Undeniably, Kuwait is not immune to the ‘perfect storm’ (as US Secretary of State Hillary Clinton recently affirmed) concerning social and political change. The toying with people’s liberties in Kuwait, frustration with government, rise in political prisoners, and the increase in corruption has fueled this rage against the machine, the catalyst that has also lead individuals to social network sites to exchange information, blow steam and highlight any injustices they may have encountered or heard of — not to mention deride any statements or actions by self-deluded, ostentatious officials, who have contributed little to this country’s development, merely epitomizing Iago’s classic line to Roderigo in ‘Othello’: “Put money in thy purse!”
Government statements including those of our Council of Ministers highlighting ‘brotherly nations,’ ‘exterior threats,’ and ‘steering the Kuwaiti ship safely to shore,’ have become absurd verbal footnotes, relished as hors d’oeuvres of glee at any gathering — or Twitter feed — treated as comedy gold due to the fact that young people aren’t naïve or dim-witted, they’re wired, mopping snippets of information every minute; aware that the issue of ‘security’ in oppressive regimes has always been exploited as a justification to curb freedoms and hamper queries into fraudulence and mismanagement. They aren’t going to buy into that kool aid anymore.
Arab regimes need to wake up to the fact that their systems are analogous; inequality and corruption are the common denominators, directly permeated into Kleptocracies — regimes that utilize control fraud (bureaucracy and forgery, for example) to exploit governmental corruption to extend personal wealth and power of government officials alongside a specific inner circle or class via misappropriation of state funds and natural resources — at the cost of the rest of the population.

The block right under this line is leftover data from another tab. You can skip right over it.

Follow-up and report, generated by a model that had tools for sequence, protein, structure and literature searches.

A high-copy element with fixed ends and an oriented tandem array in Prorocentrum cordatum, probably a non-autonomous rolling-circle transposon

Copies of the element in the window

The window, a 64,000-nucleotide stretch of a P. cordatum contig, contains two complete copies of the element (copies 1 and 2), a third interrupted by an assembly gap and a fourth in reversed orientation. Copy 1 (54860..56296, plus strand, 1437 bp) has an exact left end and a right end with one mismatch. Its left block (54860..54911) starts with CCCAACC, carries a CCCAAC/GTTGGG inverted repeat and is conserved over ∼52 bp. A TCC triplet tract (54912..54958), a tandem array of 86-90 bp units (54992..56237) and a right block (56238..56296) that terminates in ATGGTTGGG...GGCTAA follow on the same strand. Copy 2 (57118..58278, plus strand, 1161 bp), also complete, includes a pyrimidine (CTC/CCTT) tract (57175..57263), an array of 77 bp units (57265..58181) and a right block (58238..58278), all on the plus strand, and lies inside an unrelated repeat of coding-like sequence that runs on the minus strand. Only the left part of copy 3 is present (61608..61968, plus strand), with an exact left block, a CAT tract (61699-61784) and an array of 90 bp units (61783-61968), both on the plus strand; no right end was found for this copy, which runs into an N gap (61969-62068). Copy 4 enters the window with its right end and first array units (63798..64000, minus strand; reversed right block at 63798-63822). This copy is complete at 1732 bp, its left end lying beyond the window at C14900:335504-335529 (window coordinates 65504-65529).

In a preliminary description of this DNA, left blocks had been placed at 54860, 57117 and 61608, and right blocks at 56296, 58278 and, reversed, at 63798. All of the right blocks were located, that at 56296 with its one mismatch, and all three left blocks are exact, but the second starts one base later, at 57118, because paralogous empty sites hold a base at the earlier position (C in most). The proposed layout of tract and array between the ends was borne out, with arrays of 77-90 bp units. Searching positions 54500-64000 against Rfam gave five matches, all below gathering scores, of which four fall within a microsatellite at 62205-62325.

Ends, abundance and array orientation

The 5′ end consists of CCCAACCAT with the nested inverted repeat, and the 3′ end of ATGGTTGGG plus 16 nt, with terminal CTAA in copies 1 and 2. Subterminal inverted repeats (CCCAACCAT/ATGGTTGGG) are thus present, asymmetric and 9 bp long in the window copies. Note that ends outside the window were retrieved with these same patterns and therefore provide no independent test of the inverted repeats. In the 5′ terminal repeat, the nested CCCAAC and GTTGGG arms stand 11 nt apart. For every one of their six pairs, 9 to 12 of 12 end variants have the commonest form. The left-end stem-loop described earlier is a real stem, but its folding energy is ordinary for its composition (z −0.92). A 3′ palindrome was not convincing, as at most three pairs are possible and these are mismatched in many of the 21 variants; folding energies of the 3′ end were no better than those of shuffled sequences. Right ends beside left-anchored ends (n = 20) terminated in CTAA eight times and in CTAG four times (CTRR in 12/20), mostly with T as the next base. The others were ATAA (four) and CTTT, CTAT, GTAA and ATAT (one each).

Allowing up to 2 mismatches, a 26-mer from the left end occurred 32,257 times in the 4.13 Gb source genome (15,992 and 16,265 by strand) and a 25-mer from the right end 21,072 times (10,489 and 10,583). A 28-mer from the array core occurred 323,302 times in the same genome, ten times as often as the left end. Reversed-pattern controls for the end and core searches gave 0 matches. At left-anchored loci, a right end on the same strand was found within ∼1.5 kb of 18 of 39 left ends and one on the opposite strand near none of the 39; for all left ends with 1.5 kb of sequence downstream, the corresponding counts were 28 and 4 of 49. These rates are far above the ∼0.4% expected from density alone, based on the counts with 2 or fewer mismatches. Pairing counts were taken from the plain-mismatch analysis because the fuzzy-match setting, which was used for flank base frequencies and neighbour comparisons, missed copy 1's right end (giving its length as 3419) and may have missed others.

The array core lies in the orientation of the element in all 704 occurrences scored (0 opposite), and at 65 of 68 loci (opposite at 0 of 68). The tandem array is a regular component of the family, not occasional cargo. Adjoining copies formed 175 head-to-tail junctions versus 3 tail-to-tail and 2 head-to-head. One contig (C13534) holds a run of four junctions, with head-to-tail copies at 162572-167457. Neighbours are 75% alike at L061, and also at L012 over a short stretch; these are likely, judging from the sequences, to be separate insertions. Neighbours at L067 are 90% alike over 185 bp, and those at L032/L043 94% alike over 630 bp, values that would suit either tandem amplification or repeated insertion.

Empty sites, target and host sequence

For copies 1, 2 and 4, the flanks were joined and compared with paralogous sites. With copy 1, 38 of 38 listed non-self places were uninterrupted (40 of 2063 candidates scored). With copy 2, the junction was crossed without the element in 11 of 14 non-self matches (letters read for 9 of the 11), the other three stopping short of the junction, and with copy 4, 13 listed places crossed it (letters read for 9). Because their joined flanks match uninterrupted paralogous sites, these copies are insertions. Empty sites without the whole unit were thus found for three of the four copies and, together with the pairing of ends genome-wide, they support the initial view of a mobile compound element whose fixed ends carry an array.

Fifty years following its independence from the United Kingdom, twenty years following its liberation from Iraq, Kuwait remains a ‘closed’ state — wary of foreign investment and participation, unable or unwilling to even free a portion of 90 percent of unused government land to the private sector — more willing to invest its riches outside the state than internally, limiting and keeping a tight lid on who benefits from its development — a Kleptocracy under the guise of a Constitutional monarchy. The Young Activists and Wired Intellectuals are aware of this; God bless them — they are nobody’s fools, and they realize that we are not impervious to recent geopolitical developments.
Arab Leadership — the management of a country — should not be on a lofty platform, impervious to censure. The term ‘public servant’ applies to everyone in government from the lowliest clerk to the head of state. Governments, their decision-makers, their entities, their ministries, their employees, are there to serve their people; not vice-versa.
The Arab people are leery of the usual gaudy summits, conferences, communal, sycophantic lip service between their leaders and their extravagant hand-outs to one another. Arab governments should pay heed to the aspirations of their people or regret the consequences. Ultimately, no power anywhere can restrain the fervent, conscientious spirit of the young — demographically, the majority — particularly those who have nothing to lose.
A golden opportunity exists now for all regimes to reassess their modus operandi, correct past errors, and realign their policies to erect healthy, dynamic states that focus on elevating their people, not their own persistent survival.